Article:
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Showing posts from January, 2007

The KL skyline

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As seen from my hotel room, with Cesar Pelli 's Petronas Towers in the background. The KL sun was searing, nothing like the cool wind blowing around Singapore these days. ( "Cold Wind" is a great Arcade Fire song, incidentally.) Somewhere on the streets below, later that night, a black stretch limo with the tinted windows pulled into a club (Aloha) with a horde of screaming female fans chasing after. Guess Rain was in town. Save it for another day, it's the school exam and the kids have run away.

Back in Singapore

B ack in Singapore I slept an inordinate amount, and watched the Screen Actors Guild awards (quick thoughts: Mirren-Whitaker-Hudson seem like an unbeatable trio; how lovely to hear that rich Julie Andrews voice once more; British actors always seem to give better speeches). On the other end of the film quality spectrum, here's how to sell an awful film in 12 easy steps .

Kay Ell

Off to KL for the weekend. Normal service will resume shortly.

My First YouTube: Rerun with Towel

Well, I finally got around to trying to upload videos onto YouTube. Here's my first one - my Cairn terrier Rerun playing with a towel, back from his puppy days.

More Singapore-based Nostalgia

I noticed this post on the first fast food restaurant in Singapore (A&W on Dunearn Road) and promptly sent it into Tomorrow , whereupon a nice nostalgic discussion broke out. One of my fond memories of childhood was meeting the A&W Root Bear at Big Splash. Shall have to dig the photos out. I kind of wish now I'd taken a picture of the big sign next to the escalator at the old Orchard Cinema - it was the first escalator in Singapore , and they kept the sign that gave instructions on how to use the escalator - don't ride the escalator barefoot, etc.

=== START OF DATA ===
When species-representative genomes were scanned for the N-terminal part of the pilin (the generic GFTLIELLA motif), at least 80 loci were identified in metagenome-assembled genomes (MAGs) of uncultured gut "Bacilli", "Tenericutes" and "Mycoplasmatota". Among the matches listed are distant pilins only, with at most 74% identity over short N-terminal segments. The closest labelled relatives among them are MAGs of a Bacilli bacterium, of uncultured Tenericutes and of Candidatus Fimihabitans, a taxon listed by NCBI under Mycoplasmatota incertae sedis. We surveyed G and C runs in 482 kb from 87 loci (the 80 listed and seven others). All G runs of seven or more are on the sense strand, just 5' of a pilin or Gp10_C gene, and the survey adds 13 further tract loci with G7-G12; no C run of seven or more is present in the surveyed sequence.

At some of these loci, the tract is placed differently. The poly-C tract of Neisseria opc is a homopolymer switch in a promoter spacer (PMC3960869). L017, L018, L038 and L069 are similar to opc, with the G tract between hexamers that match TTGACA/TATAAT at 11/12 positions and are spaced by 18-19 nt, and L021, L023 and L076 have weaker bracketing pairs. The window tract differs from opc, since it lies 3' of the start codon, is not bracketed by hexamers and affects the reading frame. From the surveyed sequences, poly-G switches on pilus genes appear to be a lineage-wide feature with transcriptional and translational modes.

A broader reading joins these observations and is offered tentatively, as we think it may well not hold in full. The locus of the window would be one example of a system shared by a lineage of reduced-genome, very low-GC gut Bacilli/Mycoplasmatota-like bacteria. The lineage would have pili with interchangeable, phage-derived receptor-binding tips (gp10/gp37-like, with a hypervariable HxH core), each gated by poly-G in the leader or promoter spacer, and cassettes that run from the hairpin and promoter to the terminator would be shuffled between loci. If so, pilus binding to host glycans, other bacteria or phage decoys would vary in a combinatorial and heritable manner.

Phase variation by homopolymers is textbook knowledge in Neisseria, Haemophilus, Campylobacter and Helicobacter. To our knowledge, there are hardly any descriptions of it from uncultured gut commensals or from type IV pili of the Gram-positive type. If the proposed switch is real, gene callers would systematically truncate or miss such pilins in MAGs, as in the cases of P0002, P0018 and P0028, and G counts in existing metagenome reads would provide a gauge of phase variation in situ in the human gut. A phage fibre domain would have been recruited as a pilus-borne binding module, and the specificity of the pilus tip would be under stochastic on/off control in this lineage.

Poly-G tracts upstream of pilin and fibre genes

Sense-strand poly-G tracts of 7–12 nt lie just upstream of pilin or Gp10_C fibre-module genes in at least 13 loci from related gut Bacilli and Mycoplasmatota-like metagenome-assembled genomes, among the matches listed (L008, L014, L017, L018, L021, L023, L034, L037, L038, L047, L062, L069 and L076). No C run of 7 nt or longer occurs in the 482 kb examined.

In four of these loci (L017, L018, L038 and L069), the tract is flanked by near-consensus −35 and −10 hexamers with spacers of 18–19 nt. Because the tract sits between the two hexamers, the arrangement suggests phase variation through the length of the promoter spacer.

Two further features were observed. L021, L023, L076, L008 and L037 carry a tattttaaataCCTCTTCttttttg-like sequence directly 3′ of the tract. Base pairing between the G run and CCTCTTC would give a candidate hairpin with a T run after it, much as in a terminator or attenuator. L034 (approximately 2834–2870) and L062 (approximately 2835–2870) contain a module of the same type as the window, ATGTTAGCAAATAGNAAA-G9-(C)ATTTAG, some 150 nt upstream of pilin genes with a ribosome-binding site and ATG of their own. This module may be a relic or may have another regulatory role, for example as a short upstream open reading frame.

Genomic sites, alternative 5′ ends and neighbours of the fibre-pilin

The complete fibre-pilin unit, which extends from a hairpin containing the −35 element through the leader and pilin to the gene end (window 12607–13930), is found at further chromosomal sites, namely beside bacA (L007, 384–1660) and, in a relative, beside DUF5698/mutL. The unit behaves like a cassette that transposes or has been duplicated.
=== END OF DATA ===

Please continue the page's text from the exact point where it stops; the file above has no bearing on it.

The history of clubbing in Singapore

I chanced upon this story of Bullwinkle's in Bloomington closing , which led to this one of Velfarre in Tokyo closing . Which was an interesting coincidence since earlier today I was thinking about the clubs in Singapore that have come and gone and wondering if anyone's ever done any sort of history of them. Even just an oral history? I know there was the Zouk coffee-table book but besides that, will people's experiences of places such as Fire, Ridley's, and so on be remembered? (Couldn't seem to find anything on clubbing on Yesterday.sg , my usual source for Singapore-based nostalgia.) I mean, take something as central to the Singapore clubbing scene as Mambo Jambo - naff as it can be, it's arguably something many clubbers were weaned on. The Wikipedia entry seems to suggest that the "retro" style arose strictly from Zouk days, but Adam Low was spinning long before Zouk existed, and I would imagine his set at Rumours had some of that same music

Worst Famous Comedian Ever

My impression of Joe Rogan improved tremendously when I chanced upon his dissing of Carlos Mencia . (Hey, we don't get much stand-up here: all I know of Rogan is him watching spiders crawl over others.) Mencia also gets dissed in the Beast's 50 Most Loathsome People in America list . How does Carlos Mencia get his own show when great comedies such as Arrested Development go off the air? Lord knows.